Christos Rozakis is Professor Emeritus of International Law at the National and Kapodistrian University of Athens. He currently serves as President of the Administrative Tribunal of the Council of Europe. He has also served as Judge and Vice-President of the European Court of Human Rights of the Council of Europe from 1998 to 2011 and Greece’s Deputy Minister of Foreign Affairs (1996-1997). His publications lie in the area of Public International Law (mainly Law of Treaties, Law of the Sea, Subjects of International Law), Greek Foreign Policy (mainly Greek-Turkish Relations), and European Protection of Human Rights.

In his recent article for “Ta Nea” newspaper titled “The Greek-Turkish crisis and its causes(18.3.2017), he comments on recent developments in Greek – Turkish relations, as follows:

“Turkey is going through a period of intense confrontation with many states and entities – starting with its strained relations with the Netherlands following the ban by the Dutch on a public address by the Turkish Foreign Minister and the denial of entry in the Netherlands of another Turkish Minister, along with the parallel ban of a public address by the Turkish Foreign Minister in Germany and Erdogan’s fierce reaction to these decisions which he was quick to describe as Nazi acts, and continuing with Turkey’s confrontation with the Iranian Kurds and Syria, as well as Turkish Kurds, Syrian regime supporters, the army, ISIS, in addition to its damaged relations with Israel and Egypt – it wouldn’t be an easy task to find many allies in Europe and the Middle East today willing to support Turkey. Imagine that a few years ago, as a Prime Minister at the time, he preached zero bad relations with neighbours, and, respectively, the development of friendly ties with everyone.

Under these circumstances, the Turkish President’s choice to also aggravate relations with Greece, a neighbour with whom he had every reason to maintain friendly ties, is highly problematic. The same could be said for Cyprus, where his intervention suspended intercommunity talks, prompted by a needless move by the Parliament of Cyprus that schools annually mention the anniversary of the 1950 Unionist referendum.

Regarding this incident, the overreaction of the Turkish Cypriot leader to break off the talks – and not settle, as would’ve been sensible, for an official renunciation of the initiative taken by the Republic of Cyprus – reveals the existence of Turkish coercion behind this act, so that Turkey need not confront the thorny issues on the table, namely those of security and guarantees, on which the parties maintained diametrically opposed positions. They found a golden opportunity offered by the Greek Cypriots to suspend negotiations at the most crucial point, in order to avoid the international outcry in the blame game for the failure of negotiations. But even if this were not the explanation and the reasons for the interruption were different, such as Erdogan’s need to attract extreme right voters, who definitely do not wish for a solution to the Cypriot issue, the fact remains that the Turkish president jeopardized the course of negotiations which was successful until now and strengthens that part of the Greek Cypriot side that does not hold the achievement of an agreement in a positive light.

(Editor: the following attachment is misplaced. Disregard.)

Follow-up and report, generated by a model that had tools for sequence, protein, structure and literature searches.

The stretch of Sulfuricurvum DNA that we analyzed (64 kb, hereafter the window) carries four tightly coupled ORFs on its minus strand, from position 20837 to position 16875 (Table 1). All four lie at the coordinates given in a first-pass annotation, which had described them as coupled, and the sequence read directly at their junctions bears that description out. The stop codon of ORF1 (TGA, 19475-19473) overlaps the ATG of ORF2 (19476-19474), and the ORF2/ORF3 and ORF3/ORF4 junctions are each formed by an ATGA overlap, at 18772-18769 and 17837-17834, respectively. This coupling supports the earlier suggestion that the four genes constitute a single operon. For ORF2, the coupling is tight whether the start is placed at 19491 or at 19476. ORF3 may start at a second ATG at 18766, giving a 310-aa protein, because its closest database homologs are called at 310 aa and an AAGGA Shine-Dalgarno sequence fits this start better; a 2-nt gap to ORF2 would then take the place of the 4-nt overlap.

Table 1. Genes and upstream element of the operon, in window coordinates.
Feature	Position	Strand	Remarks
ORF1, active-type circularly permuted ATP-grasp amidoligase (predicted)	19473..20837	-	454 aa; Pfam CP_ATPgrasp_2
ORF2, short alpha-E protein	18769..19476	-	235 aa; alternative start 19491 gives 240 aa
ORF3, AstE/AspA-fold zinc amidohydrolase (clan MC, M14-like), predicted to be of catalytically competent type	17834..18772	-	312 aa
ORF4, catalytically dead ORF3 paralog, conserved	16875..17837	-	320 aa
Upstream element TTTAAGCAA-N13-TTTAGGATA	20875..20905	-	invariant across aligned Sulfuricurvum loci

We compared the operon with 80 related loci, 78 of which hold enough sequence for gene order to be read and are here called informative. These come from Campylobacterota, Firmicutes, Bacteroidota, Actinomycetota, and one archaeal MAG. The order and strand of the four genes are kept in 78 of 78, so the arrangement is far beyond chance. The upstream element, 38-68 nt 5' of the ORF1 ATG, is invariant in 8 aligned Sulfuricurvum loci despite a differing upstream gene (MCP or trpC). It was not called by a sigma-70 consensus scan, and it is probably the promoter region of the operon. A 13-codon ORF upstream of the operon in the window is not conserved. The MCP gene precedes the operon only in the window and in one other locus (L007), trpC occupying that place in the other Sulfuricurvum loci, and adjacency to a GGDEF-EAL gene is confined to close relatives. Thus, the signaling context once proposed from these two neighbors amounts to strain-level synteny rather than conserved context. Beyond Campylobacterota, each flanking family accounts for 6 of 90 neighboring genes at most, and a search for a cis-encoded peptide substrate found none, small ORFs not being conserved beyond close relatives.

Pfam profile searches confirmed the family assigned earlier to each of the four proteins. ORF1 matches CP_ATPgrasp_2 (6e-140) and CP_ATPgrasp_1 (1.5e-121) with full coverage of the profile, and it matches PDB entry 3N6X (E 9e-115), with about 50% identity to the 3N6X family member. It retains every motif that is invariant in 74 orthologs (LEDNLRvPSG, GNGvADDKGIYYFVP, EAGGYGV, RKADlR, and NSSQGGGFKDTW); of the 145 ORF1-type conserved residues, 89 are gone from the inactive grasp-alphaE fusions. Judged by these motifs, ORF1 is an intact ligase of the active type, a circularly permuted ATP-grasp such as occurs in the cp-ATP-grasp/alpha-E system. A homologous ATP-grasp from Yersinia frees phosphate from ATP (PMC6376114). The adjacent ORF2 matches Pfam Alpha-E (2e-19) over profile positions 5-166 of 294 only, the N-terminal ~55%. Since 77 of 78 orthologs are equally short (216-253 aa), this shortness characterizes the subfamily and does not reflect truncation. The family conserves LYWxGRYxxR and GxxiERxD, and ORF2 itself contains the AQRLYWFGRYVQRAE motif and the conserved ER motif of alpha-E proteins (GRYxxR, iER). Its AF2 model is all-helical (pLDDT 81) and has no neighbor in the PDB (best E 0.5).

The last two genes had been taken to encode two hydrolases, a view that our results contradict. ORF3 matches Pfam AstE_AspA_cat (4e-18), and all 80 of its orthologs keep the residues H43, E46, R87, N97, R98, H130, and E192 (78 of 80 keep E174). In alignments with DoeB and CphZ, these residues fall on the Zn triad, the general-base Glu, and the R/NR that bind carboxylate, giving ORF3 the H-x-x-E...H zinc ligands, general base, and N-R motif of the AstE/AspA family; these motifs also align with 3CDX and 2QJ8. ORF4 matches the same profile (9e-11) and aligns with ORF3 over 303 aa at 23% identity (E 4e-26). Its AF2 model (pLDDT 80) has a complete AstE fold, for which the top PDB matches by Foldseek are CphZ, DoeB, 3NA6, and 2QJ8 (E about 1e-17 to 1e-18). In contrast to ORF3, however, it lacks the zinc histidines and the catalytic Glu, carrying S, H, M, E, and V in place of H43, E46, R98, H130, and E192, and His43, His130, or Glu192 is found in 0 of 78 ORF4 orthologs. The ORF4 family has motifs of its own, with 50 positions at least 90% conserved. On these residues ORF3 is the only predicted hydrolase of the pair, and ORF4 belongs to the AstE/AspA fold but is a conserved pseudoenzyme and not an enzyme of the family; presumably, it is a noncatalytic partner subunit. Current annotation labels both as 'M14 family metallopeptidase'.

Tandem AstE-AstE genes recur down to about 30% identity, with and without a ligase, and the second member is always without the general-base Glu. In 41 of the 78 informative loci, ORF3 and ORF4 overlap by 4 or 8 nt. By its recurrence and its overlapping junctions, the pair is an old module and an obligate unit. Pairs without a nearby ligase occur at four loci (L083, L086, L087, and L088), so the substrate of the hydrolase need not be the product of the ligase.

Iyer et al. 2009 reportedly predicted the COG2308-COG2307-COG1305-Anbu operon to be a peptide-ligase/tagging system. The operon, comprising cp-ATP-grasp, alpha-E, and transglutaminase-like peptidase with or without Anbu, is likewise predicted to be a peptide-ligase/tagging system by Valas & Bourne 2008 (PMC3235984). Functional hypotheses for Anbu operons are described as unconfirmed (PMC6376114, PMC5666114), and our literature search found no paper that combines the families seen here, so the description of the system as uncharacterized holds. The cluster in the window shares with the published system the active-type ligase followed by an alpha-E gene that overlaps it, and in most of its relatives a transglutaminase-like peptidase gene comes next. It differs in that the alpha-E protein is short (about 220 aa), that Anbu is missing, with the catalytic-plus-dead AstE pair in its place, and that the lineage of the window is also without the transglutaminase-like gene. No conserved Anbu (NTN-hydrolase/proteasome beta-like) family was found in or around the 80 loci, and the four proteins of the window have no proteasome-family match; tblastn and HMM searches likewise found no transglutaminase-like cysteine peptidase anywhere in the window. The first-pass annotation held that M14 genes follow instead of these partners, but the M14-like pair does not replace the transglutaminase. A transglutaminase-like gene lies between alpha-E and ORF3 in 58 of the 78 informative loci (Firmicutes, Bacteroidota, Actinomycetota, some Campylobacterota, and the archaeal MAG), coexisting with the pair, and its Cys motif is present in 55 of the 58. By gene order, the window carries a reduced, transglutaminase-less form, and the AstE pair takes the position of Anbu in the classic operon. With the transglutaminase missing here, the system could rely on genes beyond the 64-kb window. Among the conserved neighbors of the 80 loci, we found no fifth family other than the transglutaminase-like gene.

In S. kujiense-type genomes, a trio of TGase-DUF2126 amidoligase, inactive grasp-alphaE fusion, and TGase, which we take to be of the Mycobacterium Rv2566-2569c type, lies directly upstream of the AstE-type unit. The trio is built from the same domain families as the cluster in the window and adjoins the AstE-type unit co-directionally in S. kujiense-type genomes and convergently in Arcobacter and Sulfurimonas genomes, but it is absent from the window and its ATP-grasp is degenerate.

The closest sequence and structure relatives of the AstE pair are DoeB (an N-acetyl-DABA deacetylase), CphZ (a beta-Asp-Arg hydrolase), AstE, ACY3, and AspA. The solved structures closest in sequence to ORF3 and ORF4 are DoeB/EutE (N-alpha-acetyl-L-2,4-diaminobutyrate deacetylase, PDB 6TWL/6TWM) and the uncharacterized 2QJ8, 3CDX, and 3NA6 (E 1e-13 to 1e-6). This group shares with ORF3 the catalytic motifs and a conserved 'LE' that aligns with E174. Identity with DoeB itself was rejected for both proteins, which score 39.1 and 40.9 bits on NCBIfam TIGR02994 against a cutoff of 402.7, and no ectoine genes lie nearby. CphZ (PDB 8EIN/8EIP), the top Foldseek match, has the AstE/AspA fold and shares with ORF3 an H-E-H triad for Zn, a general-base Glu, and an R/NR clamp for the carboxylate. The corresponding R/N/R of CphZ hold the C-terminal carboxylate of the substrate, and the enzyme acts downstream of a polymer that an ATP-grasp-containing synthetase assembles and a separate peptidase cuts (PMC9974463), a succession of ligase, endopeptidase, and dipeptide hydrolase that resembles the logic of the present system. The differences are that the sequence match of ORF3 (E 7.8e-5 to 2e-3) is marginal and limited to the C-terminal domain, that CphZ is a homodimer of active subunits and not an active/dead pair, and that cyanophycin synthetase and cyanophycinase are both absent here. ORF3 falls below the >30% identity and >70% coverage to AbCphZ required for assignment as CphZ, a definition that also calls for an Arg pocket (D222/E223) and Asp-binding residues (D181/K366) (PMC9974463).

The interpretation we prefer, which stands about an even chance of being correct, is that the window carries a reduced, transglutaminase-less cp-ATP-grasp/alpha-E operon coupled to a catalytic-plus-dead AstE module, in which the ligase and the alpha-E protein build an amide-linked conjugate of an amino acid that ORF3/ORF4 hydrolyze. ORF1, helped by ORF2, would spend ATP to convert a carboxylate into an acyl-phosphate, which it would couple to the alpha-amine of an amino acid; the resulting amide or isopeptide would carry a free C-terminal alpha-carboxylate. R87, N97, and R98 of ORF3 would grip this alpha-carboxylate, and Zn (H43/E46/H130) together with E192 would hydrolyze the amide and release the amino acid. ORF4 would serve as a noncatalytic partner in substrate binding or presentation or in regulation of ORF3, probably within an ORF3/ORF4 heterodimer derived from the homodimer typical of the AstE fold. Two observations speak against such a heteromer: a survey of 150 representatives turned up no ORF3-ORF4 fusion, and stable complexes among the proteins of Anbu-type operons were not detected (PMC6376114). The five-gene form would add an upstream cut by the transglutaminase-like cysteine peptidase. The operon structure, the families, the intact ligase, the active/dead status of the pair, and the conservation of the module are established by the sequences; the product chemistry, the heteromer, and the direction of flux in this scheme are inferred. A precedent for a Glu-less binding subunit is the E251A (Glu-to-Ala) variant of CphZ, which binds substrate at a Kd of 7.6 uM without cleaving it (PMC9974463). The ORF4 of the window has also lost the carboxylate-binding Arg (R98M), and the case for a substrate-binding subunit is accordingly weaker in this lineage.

In the area of Greek-Turkish relations per se, it is surprising to see the rekindling of the gray zones issue, which, for the first time and in a clear way have ceased being gray and have become Turkish. Indeed, the usual argument hitherto of the Turkish side was that some Aegean islets did not belong to Greece, because they were not explicitly mentioned in the Treaty of Lausanne, or the Treaty of Paris (Treaty of Peace with Italy) which ceded the Dodecanese to Greece. Turkey’s current position, as it becomes apparent from Turkish official statements, moves from questioning sovereignty – which was also threadbare, because there is no such thing as “terra nullius” (territories belonging to no one)– to the conclusion that the islets belong to Turkey. It is an upgrade in tactics, complemented by a host of actions by the Turkish navy and air force.

What are the reasons for this shift in Turkey’s stance, after a relatively calm period in Greek and Turkish relations, which was actually accompanied by exploratory talks that have now been suspended, because of Turkey, despite assurances to the contrary by the Turkish Prime Minister in recent statements? The prevailing view on the Greek side is that these extreme acts are for internal use, i.e. part of the Erdogan’s electoral campaign, who, again, as in the Cyprus case, is aiming to attract extreme audiences by displaying power and intransigence. Without contesting this approach, allow me to add another dimension: it is known that after the July coup, the Turkish army underwent a systematic persecution, with the removal of hundreds of officers as Gulen followers, which in turn took a heavy toll on the combat effectiveness of the Turkish army. Thus, in order to prove that this is not true and that the Turkish army is armed and ready on many fronts at the same time, the Turkish President has proceeded with a hardening of his position towards Greece and the active disputing of its territories.

This attitude, however, poses certain risks, given that the airplanes overflying Greek territory have been mainly entrusted to young and inexperienced pilots, whose reactions we don’t know in a confrontation with Greek airplanes, the chances of an accident are increased. It also shifts the focus of attention for Greek pilots, who have to keep extremely calm to avoid a fatal accident. It also shifts the burden back onto Greek political leadership to face the challenges by our neighbour with increased self control and prudence – in the hope that these challenges will cease when things calm down in our neighbouring country.”

See also: Ministry of Foreign Affairs: Greece’s Bilateral Relations: Turkey